Weapons Training Essay Language Techniques Used In Writing



Timeline of Life

Born in Victoria in 1930, now lives in Toowoomba, Queensland.

He is a contemporary Australian poet. His poems are written in the context of post-war Australia.

His poetry comments on Australian society and forces reader to question their place in Australian society.

Dawe’s poetry is accessible to a wide audience and often represents the experience of the ‘average’ Australian.

1929- 1932


 The Great Depression 1930- Bruce Dawe born in Geelong, Victoria, Australia 1939- World War II begins 1944- Dawe transfers to Northcote District High School and completed the Intermediate certificate 1954-1978


 his poems

collected in the compilation “Sometimes Gladness”

1956- Left school to become a legal clerk. Returned to Melbourne, working as a postman, Hungarian revolution begins. Olympic G

ames held in Melbourne. “Burial Ceremony” relies

on both of these 1958- He was unemployed and almost destitute 1959- He joined the airforce and remained there for nine years in the education section --

“Enter Without So Much as Knocking” published


reflecting the values of the 1950’s whilst remaining true to the materialism of today’s

Australia 1962- Offered a contract by the publisher F.W. Cheshire. Stimulated further writing for a

collection entitled “No fixed Address”.


Married his wife, Gloria. Also dedicated his second volume of poetry “A Need of Similar Name”


—“Breakthrough” published

1966- He was posted to Butterworth in Malaysia. Second poetry volume wins the Ampol Arts Award for creative literature --

“The Not So Good Earth” is published

For the concepts of the same name, see weapons training (disambiguation).

"Weapons Training" is a piece of war poetry written by Bruce Dawe in 1970. A dramatic monologue spoken by a battle-hardened drill sergeant training recruits about to be sent off to the Vietnam War, its anti-war sentiment is evident but more oblique than in Dawe's other well-known war poem, "Homecoming", written two years earlier.[1]

Dawe had direct experience with military life, having served in the Royal Australian Airforce from 1959 to 1968. Dennis Haskell, Winthrop Professor of English and Cultural Studies at University of Western Australia,[2] has pointed that the drill sergeant's harsh tirade to the recruits with insults both sexual (e.g. "why are you looking at me are you a queer?") and racist (e.g. "a brand-new pack of Charlies are coming at you, you can smell their rotten fish-sauce breath") [3] makes him seem like an exaggerated cartoon-like figure. However, he goes on to say that Dawe maintained he had not completely invented them: "Many [of them] were addressed to me or other members of the squad of RAAF recruits I was part of in 1959."[4]

Haskell notes that "Weapons Training" had not started out as solely a dramatic monologue, and its original title was "Portrait of a Drill Instructor". The early version contained an introductory verse with a soldier's memory of him which specifically identified the instructor as British:

I can still see his face

thrust forward out of love
for the little sunburned rookies
hunched in their chairs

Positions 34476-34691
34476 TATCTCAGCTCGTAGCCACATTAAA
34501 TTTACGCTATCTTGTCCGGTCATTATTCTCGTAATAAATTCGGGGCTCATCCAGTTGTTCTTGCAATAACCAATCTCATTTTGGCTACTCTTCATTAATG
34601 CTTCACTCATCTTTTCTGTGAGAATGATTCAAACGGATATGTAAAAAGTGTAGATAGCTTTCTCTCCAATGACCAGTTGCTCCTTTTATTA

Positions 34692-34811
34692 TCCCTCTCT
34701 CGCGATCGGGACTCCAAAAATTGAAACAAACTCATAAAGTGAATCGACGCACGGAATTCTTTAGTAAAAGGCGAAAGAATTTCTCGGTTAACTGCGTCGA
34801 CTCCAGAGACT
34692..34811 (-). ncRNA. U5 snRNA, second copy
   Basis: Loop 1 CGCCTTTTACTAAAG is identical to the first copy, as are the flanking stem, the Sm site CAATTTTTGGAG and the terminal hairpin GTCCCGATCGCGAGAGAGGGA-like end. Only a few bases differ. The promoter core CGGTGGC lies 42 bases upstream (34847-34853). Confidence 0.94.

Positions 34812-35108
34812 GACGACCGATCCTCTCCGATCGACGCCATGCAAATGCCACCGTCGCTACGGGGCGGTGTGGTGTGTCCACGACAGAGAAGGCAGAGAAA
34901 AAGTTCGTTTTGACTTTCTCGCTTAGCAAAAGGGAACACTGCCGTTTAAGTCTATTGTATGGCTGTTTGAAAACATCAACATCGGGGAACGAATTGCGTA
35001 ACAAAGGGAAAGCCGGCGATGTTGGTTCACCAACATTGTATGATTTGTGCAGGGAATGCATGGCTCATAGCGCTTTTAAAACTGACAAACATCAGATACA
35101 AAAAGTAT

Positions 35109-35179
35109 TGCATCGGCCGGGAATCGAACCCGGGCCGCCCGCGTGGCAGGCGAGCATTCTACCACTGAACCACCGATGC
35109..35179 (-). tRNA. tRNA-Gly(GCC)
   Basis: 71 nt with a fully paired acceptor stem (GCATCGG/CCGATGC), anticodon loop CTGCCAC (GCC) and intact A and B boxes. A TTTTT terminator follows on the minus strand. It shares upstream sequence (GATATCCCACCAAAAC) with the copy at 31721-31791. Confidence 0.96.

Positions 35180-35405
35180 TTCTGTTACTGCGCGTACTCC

or sweating at attention
see, too,

his true-blue British eyes [...] [5]

The introductory verse was omitted from the final version making the poem less of a personal portrait and more of a general depiction of the military culture which the sergeant personified with his macho dehumanising language.[6] In their 2009 analysis of the poem from the perspective of systemic functional linguistics, David Butt and Annabelle Lukin have proposed that while the drill instructor is ostensibly teaching physical skills to the recruits, the structure of his language "foregrounds the regulation of mental experience as central to the training",[7] training that fosters the unquestioning obedience to authority that may be crucial to their survival in combat. The poem ends with the instructor's warning to the recruits who do not follow his advice:

and you know what you are? You're dead, dead, dead [8]

"Weapons Training" is included in the 1971 collection of Dawe's poetry Condolences of the Season and in his Sometimes Gladness: Collected Poems, 1954–1992. It is also published in several anthologies of Australian literature, including Two Centuries of Australian Poetry (Oxford University Press, 1988) and Clubbing of the Gunfire: 101 Australian War Poems (Melbourne University Press, 1984), and frequently appears on the English syllabus of Australian schools.[9]

Notes and references[edit]


  • Butt, David G. and Lukin, Annabelle (2009). "Stylistic analysis: construing aesthetic organisation" in Michael Halliday and Jonathan Webster (eds.) Continuum Companion to Systemic Functional Linguistics, pp. 190-215. Continuum International Publishing Group. ISBN 0826494471
  • Dawe, Bruce (1993). Sometimes Gladness: Collected poems, 1954-1992, 4th edition. Longman Cheshire. ISBN 0582908795
  • Haskell, Dennis (2002). Attuned to Alien Moonlight: The Poetry of Bruce Dawe, Univ. of Queensland Press. ISBN 0702232386
  • Mahoney, Blair (2009). Poetry Reloaded. Cambridge University Press. ISBN 0521746612
  • Spurr, Barry (2004). Bruce Dawe, Excel HSC English Study Guide Series. Pascal Press. ISBN 1741250331
  1. ^Spur (2004) p. 133
  2. ^University of Western Australia. Winthrop Professor Dennis Haskell
  3. ^"Charlie" was military slang for a Viet Cong soldier. The quoted lines from "Weapons Training" are from Dawe (1993) p. 137
  4. ^Bruce Dawe quoted in Haskell (2002) p. 178
  5. ^Bruce Dawe, "Portrait of a Drill Instructor" (early version of "Weapons Training"), quoted in Haskell (2002) p. 178
  6. ^Haskell (2002) p. 179; Spur (2004) p. 133
  7. ^Butt and Lukin (2009) p. 211
  8. ^Dawe (1993) p. 137
  9. ^Mahoney (2009) p. 87
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